Minority racial/ethnic groups were only half as likely as whites to undergo any screening test (RR, 0.52; 95% CI, 0.50-0.53) or a screening colonoscopy (Table 5). There was also a trend for greater disparity in screening colonoscopy in the highest income tertile (Table 6). Among the racial/ethnic subgroups, Hispanics had the lowest RR of undergoing a screening test compared with whites (RR, 0.47; 95% CI, 0.45-0.50; data not shown). Residence in a ZIP code with a greater proportion of high school graduates was strongly associated with undergoing colon cancer screening (RR, 1.52; 95% CI, 1.48-1.55 for the highest tertile).
We found a low rate of colorectal cancer screening in a study population at average risk consisting of Medicare patients in 3 geographically diverse states studied after the expansion in Medicare coverage to include screening colonoscopy in individuals at average risk. An equal percentage of men and women underwent colon cancer screening tests, but women were less likely to undergo invasive screening tests. Nonwhites and persons residing in ZIP codes with low per capita income were less likely to undergo colon cancer screening tests. Persons residing in ZIP codes with low per capita income were also less likely to undergo any colon cancer screening. To our knowledge, ours is the first study to analyze sex, racial/ethnic, and socioeconomic disparities since institution of the expanded Medicare coverage.
Just over 18% of the population underwent any colorectal cancer screening test in our 2-year study, yielding an annual screening rate of 9%. Our finding of 3.8% for annual colonoscopic screening is higher than the 1.44% reported by Ko et al.8 While this difference may be due to geographic variation, it is also consistent with an increased use of colonoscopy for colon cancer screening since expansion of Medicare coverage, as in 2 previous studies.20,21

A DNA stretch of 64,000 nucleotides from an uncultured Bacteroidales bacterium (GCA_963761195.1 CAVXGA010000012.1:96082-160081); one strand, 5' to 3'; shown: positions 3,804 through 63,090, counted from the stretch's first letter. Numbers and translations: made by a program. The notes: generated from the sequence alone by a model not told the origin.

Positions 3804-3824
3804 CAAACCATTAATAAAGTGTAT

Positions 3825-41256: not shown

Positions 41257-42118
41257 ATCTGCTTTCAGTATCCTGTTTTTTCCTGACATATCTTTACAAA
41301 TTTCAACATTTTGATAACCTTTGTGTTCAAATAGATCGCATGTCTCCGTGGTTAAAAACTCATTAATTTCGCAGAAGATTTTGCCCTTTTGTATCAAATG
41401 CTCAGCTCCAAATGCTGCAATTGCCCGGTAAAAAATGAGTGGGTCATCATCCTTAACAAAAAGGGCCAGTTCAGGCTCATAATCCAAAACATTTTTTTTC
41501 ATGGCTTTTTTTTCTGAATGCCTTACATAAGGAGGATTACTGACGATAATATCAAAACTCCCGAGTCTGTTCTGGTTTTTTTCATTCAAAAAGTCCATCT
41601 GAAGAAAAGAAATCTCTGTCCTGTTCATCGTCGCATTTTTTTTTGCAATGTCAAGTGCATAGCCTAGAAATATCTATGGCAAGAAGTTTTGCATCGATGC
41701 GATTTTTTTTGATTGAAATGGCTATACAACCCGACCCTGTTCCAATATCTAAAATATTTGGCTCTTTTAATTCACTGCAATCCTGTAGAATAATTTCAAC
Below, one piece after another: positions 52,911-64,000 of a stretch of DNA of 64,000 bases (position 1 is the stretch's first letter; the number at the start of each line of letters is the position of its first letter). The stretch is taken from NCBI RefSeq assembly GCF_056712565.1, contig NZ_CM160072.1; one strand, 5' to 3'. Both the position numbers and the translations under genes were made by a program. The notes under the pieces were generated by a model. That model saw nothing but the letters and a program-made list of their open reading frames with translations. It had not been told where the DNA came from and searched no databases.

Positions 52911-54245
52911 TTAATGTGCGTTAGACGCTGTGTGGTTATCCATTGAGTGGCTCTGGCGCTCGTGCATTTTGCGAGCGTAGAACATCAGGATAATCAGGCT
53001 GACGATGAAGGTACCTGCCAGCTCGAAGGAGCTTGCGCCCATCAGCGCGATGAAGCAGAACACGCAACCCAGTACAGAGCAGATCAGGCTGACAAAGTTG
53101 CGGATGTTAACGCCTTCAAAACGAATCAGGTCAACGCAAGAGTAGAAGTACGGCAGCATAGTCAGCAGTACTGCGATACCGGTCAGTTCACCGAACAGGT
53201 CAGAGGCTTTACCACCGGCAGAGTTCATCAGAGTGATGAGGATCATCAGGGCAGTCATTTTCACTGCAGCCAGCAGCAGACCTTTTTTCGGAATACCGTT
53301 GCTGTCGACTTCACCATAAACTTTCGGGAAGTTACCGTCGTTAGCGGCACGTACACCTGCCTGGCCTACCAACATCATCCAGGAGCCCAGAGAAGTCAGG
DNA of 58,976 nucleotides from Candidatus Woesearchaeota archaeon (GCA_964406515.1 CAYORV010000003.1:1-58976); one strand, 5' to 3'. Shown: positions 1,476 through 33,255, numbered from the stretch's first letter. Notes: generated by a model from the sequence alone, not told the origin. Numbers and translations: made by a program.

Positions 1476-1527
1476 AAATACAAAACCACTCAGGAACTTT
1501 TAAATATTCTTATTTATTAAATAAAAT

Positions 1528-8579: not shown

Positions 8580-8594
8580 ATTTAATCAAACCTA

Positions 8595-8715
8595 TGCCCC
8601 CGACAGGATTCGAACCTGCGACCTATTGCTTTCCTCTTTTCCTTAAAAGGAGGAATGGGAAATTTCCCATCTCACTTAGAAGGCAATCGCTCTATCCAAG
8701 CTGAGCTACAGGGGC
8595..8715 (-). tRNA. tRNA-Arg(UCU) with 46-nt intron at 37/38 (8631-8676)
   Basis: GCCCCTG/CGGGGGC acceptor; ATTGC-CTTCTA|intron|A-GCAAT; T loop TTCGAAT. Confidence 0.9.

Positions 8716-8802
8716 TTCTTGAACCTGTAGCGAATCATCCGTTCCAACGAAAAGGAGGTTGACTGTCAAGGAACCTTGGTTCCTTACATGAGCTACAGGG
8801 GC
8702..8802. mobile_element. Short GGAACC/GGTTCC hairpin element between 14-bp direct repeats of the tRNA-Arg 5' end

We found that women were more likely than men to undergo a screening test but were less likely to undergo an invasive screening test or screening colonoscopy and more likely to undergo FOBT. This sex disparity in screening colonoscopy in whites, who formed a major portion of our study population, was greatest in the highest per capita income tertile. To our knowledge, this pattern has not been reported previously in reference to colon cancer screening practices. A theory of diminishing returns has been used to explain similar findings for other health outcomes in minority racial/ethnic groups.22 Future studies should further examine a possible sex-income interaction, particularly since colon cancer rates are higher in affluent populations.23,24 The higher use of FOBT and lower rates of invasive tests in women have been identified in other studies10,11,16 and have been associated with physician sex.25 Female patients also may perceive colorectal cancer to be predominantly a disease of men26 or prefer FOBT to invasive screening tests.15 A preference for FOBT may be harmful; while all 4 screening tests are recommended equally by the professional societies, one recent study found that in women only 33% of advanced neoplasias detected at colonoscopy would have been detected at flexible sigmoidoscopy.27 Inasmuch as overall colorectal cancer screening rates are much lower than for breast and cervical cancer, other preventive care measures must be used to educate women about colon cancer.10